Speaking of Karaoke boxes, Asia never fails to surprise in its adoration over karaoke. Yesterday, I returned from my week-long travels through the island of Palawan in the country of Phillipines with my usual travel-mate and fellow common-roomer, Aaron Bishop.
Situated in every city, town, and village, it's a monstrous wonder to discover locals residing in nowheres-ville belt our more recent popular hits ranging from Phil Collins, Alainis Morrissette, to the cranberries. However, my recent revelation -- or perhaps founding to my lack of awareness -- on the fact that Philipinos are great dancers and singers.
One interpretations I received was that out in the isles, there's little else to do other than the arts and sports -- which I somewhat buy -- but is not much more different than other countries in that other countries too have the country-side to farm and develop talent. Perhaps it is the value which this friendly nation places over glamour which drives the arts and dance? I don't know... however, I was pleasantly surprised to discover a new face in Asia yet overshadowed by the dark side of the city untold.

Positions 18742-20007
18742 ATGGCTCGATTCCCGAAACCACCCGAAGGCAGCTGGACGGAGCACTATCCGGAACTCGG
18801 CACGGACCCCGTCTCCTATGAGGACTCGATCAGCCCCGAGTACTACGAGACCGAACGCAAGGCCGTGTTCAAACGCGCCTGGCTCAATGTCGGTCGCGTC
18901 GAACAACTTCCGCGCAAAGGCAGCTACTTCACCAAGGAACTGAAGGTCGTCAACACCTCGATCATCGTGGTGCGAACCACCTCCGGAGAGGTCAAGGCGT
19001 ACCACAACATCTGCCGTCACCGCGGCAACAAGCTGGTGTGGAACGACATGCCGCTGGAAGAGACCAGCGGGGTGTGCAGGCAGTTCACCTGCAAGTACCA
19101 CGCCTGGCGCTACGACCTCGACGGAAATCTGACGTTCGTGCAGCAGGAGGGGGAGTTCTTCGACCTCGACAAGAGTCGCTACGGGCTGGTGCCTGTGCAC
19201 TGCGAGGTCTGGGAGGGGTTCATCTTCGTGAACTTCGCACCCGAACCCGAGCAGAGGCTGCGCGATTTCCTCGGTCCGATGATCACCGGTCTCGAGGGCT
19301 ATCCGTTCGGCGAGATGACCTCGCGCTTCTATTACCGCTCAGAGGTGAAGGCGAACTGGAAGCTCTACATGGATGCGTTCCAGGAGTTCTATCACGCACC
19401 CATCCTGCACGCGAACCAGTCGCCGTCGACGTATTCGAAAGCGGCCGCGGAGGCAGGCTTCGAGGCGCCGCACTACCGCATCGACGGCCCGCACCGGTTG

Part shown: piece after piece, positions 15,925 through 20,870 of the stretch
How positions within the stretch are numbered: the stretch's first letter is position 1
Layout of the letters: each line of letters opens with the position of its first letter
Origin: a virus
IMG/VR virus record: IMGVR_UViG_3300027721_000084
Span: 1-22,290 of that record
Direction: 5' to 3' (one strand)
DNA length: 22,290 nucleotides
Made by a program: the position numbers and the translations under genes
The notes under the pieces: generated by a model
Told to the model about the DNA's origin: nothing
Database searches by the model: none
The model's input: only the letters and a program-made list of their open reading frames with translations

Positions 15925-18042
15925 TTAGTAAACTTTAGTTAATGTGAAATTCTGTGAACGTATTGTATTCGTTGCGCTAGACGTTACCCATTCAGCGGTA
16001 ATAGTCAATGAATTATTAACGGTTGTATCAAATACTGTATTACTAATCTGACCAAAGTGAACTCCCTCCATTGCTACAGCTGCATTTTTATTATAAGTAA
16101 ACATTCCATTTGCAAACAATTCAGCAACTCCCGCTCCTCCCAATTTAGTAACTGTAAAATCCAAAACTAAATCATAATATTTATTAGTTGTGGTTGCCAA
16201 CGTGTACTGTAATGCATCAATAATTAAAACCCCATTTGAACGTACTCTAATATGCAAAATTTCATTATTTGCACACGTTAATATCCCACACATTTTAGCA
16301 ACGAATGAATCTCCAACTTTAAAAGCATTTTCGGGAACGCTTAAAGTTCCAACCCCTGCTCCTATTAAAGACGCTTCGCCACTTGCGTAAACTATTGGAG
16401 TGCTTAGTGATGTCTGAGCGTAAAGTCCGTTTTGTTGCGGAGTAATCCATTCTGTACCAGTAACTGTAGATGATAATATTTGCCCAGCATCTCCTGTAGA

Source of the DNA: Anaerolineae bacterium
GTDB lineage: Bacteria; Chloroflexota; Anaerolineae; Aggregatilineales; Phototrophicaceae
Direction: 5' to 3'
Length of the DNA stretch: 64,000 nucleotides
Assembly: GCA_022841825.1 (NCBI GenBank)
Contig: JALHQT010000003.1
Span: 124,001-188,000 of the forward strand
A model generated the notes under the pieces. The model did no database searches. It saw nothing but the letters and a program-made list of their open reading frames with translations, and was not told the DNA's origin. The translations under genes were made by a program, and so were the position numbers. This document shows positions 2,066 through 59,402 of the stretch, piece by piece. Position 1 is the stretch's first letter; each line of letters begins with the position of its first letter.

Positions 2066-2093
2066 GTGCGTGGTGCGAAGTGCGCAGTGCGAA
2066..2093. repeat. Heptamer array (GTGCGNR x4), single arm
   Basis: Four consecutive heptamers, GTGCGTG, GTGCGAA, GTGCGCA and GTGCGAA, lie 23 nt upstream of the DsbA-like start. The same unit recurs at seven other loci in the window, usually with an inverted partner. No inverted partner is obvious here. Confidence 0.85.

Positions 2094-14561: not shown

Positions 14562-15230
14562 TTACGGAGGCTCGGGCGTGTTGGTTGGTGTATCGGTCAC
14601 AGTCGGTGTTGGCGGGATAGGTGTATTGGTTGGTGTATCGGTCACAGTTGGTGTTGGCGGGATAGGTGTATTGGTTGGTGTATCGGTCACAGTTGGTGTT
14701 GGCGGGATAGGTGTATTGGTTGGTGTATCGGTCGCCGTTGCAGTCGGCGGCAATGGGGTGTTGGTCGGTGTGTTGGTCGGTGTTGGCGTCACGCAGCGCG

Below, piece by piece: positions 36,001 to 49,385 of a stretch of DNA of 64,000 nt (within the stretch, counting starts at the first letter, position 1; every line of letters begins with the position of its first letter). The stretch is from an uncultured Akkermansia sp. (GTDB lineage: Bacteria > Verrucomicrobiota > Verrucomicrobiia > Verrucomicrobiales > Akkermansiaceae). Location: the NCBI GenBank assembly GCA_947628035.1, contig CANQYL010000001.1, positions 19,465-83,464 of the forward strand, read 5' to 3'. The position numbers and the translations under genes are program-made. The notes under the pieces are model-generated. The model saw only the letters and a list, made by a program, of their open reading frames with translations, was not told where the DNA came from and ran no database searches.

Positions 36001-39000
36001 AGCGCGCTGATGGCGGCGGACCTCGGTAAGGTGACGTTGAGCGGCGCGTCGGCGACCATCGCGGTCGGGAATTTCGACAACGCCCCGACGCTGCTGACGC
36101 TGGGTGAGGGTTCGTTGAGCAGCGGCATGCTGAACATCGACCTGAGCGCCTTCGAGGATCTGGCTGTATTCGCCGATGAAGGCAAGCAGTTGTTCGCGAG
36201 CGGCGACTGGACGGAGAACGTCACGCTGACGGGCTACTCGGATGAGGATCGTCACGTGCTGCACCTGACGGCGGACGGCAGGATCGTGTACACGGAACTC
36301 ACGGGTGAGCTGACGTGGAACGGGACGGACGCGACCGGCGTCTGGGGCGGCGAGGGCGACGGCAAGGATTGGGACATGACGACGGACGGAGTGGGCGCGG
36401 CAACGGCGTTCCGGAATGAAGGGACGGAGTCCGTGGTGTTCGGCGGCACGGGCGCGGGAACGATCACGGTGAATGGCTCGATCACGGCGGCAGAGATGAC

Apologies to begin with the dark side, but Manila city, IMHO, was a complete shithole -- pardon my french -- of a place where chaos and friendliness co-existed. People were -- wherever you went -- were kind, but the stench and filth were totally out of control. I wonder sometimes whether my values have evolved so much to skew my views, but if I am to be propositioned to never transit through this city as it is, this would add a level of comfort; however, I'm glad I did it once.
On a positive note, the distant isles of the Philipines were most fabulously majestic.
The water on the shores were almost transparent blue hovered over by the tropical sun with herbivorous green spreading for miles and miles...
we cut through the sea on a small engine boat heading north along the coastline under a 30+ degree sun by day and glowing moonlight shining down on the sea by night... attracting cuttlefish fishermen burning bonfires to attract the school of neon-lit cuttlefishes swimming asymmetrical curves in some random order.
The highlight, however, arrived when diving the sunken Japanese ships during the Second World War. The serenity would make one question there was a war here fifty years ago? On surface, the sight appears to have remained unchanged for the last 100 years and more, but despite the time slip into the wrecks now home to myriads of corals and fishes, a different voice reaches out to you upon noticing the holes carved out by the US Air Raids when sinking these ships never to set sail again.
Many new discoveries to weave a few loose strands of past knowledge with the present and perhaps with the future.
Good to disembark from my self-perpetuated crazy work life in Tokyo for a change, but good fun either way... Hope that all of your are still sailing...